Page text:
Various plaintive requests for remedies to under-sized tenons are a fairly common feature. Possibly the worker has sawn the wrong side of the gauge line and the tenon is now too thin. Another problem arises where the shoulder has been sawn too deeply and undermined the tenon.
Splines probably offer the only secure remedy for these blunders, (illustrated (not very clearly) at 'C').Frequently one sees suggestions that if you stick a bit of veneer on a tenon face, all will be well. The snag is that while the joint will fit and now adequately take the glue, there is no longitudinal continuity of the grain fibres. The botched, though hidden, tenon will still be weaker at its root.For joint 'D', form as much as possible of the slot's flanks by first sawing diagonally with a tenon saw. Chop the remaining waste as you would when morticing. Alternatively you could rout out the slot. A 'G' or similar cramp will be needed to apply pressure across the slot while gluing the spline in place.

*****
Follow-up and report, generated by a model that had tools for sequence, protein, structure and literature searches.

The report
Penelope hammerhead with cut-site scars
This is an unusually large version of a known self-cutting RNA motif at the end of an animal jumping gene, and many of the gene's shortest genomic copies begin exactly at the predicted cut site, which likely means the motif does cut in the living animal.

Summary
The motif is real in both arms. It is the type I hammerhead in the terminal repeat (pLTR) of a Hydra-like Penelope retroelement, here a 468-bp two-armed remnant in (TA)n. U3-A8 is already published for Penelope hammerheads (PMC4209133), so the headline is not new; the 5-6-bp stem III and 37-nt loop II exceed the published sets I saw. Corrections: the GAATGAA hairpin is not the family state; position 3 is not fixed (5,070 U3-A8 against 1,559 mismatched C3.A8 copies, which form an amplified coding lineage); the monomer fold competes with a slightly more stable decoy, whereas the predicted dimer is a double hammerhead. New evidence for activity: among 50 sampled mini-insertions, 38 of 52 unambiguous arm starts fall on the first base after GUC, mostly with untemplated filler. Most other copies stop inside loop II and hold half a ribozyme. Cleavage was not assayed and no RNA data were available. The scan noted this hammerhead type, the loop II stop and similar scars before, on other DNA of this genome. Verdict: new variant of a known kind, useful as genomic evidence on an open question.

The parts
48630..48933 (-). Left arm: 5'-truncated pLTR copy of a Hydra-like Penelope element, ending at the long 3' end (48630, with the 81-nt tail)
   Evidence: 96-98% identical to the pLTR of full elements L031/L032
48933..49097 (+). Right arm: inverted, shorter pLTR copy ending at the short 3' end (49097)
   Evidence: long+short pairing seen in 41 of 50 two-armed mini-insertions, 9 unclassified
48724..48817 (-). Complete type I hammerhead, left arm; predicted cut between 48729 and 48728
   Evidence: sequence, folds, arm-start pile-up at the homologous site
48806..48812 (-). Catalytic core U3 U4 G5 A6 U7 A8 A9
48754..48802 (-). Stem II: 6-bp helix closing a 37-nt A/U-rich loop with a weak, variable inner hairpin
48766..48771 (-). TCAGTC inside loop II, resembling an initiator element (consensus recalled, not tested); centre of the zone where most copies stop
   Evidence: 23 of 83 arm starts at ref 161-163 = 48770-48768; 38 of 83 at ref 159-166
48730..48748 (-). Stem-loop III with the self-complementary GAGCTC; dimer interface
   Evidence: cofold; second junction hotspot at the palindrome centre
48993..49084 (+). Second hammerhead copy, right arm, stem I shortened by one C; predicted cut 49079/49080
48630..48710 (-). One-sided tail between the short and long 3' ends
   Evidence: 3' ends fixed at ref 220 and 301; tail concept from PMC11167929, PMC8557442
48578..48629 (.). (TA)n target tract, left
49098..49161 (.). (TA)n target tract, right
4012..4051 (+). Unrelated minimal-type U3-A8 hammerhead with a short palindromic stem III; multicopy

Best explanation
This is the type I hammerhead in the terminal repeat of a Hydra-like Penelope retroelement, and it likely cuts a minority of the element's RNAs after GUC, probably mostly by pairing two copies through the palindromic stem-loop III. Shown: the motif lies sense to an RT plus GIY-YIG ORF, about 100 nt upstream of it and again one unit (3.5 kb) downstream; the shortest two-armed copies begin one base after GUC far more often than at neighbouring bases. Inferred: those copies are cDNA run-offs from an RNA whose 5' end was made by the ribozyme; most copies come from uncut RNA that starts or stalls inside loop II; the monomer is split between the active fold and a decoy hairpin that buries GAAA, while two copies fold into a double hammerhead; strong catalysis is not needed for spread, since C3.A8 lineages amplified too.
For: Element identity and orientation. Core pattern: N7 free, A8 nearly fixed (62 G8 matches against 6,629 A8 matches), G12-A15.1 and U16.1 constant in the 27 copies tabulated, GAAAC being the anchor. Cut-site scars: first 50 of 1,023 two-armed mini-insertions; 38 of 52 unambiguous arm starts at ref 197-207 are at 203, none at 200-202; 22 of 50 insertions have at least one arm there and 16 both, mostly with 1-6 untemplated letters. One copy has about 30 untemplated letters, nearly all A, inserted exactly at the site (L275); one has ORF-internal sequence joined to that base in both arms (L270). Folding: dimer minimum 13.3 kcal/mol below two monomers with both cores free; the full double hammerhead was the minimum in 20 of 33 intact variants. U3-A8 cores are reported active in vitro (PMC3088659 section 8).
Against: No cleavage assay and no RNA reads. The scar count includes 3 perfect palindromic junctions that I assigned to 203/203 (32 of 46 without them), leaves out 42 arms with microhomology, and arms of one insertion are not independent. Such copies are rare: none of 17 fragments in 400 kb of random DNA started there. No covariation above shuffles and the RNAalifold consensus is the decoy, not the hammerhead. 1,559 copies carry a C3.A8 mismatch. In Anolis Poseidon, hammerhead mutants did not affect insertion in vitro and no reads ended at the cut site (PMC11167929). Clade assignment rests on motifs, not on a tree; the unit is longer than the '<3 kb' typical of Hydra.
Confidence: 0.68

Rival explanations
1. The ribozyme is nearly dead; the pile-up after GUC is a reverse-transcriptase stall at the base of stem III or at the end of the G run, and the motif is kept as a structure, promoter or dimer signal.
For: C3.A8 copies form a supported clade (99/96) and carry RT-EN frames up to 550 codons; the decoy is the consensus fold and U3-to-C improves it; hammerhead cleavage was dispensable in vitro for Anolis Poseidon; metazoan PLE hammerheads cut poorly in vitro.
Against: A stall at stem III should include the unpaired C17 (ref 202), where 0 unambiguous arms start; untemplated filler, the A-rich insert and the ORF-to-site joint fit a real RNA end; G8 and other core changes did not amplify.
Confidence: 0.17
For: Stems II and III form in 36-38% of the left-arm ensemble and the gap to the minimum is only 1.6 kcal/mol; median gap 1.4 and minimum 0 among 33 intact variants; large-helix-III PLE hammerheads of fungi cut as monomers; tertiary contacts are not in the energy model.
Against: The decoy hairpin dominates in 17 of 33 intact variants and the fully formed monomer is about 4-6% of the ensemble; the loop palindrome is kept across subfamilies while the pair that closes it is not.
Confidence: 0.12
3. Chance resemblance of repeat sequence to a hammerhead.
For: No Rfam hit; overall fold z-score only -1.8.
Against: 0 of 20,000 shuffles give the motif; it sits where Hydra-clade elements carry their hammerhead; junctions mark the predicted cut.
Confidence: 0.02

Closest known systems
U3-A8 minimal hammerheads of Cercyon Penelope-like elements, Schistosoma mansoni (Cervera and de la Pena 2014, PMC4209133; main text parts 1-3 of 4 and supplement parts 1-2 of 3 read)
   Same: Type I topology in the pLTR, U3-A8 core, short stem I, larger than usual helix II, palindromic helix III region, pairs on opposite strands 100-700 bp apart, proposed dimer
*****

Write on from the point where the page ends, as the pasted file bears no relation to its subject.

For version 'E', remove most of the waste by drilling. When paring to trim the remaining material in short-grained wood, remember that while working one flank you will be working against the grain. Light cuts with a very sharp chisel will be essential.
Mortising into end-grain can be difficult, so adopt the semi-concealed version 'D' whenever the underside is not normally visible.
Version 'D' can also be extremely useful in repairing old work since broken tenons can be extracted from their mortises and replaced with some glued-in splines onto which the old rail can drop.
Splines can be produced in bulk, of course, and if necessary can be of a stronger wood.
Some workers design with splined tenons as standard practice. Rail ends can be planed or sanded square. You get perfectly-fitting shoulders with little effort.